Recycled paper is beneficial to the environment since it decreases the need for forest cutting, but it has limitations. Regular paper can’t compete with recycled paper. Green products must compete with traditional paper, and tree-free paper is up to the task.

The rising demand for pulp and paper products had undoubtedly had a significant influence on the woods. The trees that take forty to fifty years to mature anew have been the most damaged woodlands. Forest products are marketed as a renewable resource by the paper industry, but how renewable is a five-decade turnaround cycle?

As public demand grew, the huge paper industry began to provide goods that contained a small amount of recycled material. I suppose we should appreciate the fact that some green paper is being produced, but I believe it is too little, too late.

The quality of the finished product is a major issue with recycled paper. A recycled paper product that is created entirely of recycled paper has the appearance and feel of recycled paper. The quality of recycled paper can be enhanced, but at the cost of considerable processing and bleaching, which makes it too expensive to compete and has a greater environmental effect due to the bleaching chemicals required. In terms of competing with the huge paper sector, recycled paper is basically in a no-win scenario.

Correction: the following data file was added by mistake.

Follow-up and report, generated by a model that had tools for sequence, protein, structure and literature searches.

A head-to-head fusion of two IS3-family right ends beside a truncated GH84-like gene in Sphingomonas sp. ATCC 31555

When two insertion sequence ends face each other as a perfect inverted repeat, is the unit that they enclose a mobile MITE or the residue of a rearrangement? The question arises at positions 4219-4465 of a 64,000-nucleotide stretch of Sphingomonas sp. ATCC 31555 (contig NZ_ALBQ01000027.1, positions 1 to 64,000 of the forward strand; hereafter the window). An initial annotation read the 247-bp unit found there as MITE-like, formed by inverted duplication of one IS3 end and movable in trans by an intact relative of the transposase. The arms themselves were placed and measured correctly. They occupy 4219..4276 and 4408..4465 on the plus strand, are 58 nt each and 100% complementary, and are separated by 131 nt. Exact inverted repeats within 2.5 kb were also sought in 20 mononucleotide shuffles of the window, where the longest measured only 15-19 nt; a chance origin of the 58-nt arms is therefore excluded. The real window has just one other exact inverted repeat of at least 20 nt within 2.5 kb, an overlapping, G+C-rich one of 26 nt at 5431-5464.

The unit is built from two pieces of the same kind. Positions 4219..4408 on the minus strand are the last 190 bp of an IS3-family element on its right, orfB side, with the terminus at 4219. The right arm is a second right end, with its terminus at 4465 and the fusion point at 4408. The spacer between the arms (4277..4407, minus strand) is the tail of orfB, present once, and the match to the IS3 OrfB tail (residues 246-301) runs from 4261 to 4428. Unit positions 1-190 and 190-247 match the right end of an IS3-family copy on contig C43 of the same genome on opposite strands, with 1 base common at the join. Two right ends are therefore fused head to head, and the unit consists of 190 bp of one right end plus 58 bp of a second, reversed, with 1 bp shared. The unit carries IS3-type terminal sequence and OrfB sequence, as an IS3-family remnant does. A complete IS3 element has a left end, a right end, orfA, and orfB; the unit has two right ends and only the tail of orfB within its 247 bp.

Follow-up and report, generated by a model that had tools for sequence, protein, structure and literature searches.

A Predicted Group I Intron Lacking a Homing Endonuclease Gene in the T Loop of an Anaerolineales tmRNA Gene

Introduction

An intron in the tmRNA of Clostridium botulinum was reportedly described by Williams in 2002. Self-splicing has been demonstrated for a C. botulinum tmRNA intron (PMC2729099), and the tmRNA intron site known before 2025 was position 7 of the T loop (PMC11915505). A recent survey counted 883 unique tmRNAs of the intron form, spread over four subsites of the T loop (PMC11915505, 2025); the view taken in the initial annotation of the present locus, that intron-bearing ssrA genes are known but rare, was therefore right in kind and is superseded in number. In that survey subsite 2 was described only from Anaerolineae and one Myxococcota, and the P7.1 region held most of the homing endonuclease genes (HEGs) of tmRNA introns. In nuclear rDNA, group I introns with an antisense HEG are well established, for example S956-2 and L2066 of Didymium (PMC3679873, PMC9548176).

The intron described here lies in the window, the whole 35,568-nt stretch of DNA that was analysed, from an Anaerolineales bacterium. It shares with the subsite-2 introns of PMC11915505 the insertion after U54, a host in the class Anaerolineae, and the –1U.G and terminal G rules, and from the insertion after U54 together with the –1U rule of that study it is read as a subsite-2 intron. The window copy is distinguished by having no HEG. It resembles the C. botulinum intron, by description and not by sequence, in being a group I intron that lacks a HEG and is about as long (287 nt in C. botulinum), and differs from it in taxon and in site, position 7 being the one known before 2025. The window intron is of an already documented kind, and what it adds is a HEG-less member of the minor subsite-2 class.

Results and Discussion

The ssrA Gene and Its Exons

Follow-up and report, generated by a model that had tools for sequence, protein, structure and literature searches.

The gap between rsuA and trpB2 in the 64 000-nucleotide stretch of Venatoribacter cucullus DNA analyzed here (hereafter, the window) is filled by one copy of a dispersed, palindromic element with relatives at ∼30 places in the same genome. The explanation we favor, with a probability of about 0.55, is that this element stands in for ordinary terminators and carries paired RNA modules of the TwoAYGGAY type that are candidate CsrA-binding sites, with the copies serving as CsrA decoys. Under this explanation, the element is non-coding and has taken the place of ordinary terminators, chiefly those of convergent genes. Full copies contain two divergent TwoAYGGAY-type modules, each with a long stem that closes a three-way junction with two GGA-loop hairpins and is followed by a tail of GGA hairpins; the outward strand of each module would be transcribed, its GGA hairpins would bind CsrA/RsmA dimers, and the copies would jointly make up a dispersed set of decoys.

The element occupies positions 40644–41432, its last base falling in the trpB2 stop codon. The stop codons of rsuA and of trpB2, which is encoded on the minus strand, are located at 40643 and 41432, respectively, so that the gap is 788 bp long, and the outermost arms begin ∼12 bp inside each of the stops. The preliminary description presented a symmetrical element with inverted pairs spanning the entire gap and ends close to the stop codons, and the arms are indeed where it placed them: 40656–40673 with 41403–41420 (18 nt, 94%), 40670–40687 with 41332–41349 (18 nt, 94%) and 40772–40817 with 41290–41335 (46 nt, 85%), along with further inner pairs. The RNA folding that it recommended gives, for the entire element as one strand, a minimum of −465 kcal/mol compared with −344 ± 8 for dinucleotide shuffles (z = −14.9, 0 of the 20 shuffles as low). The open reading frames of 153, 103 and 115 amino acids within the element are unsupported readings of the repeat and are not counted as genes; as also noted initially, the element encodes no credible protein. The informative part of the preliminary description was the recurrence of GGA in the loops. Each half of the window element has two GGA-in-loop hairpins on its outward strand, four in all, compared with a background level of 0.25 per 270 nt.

The outlook for green paper has been grim, but that is no longer the case. A new tree-free paper is on the rise, and it has the potential to compete with traditional paper. To term this article “tree-free,” however, one must consider bamboo to be unrelated to trees. In fact, I’m not sure if the bamboo qualifies as a tree at all. Bamboo is sometimes referred to be a tree, however it is actually a tall grass plant with a hollow trunk similar to wheat or barley stems. Bamboo groves sprout up like weeds in less than five years, but trees with solid cores take many years to mature.

Bamboo is shown that it can make paper that is competitive with traditional paper, which costs generations of valuable trees. However, bamboo isn’t the sole raw material used in tree-free paper. After a sugar cane has been crushed to obtain the sugar juice, bagasse is the fibrous debris that remains. Bagasse is dried before being burned in cogeneration power plants. Bagasse may also be utilised in the creation of tree-free paper goods that are competitive with the finest that the huge paper industry has to offer, which is a green use of an otherwise waste byproduct that saves burning wood, coal, or fossil fuel.

Being a bit green or including a little amount of recycled paper is no longer enough. On their own field, tree-free paper is going head to head with the big boys. Their playing field is a stump field that was formerly a forest. Before the huge paper business has even replanted, another crop of tree-free paper is already nearing maturity for additional green paper.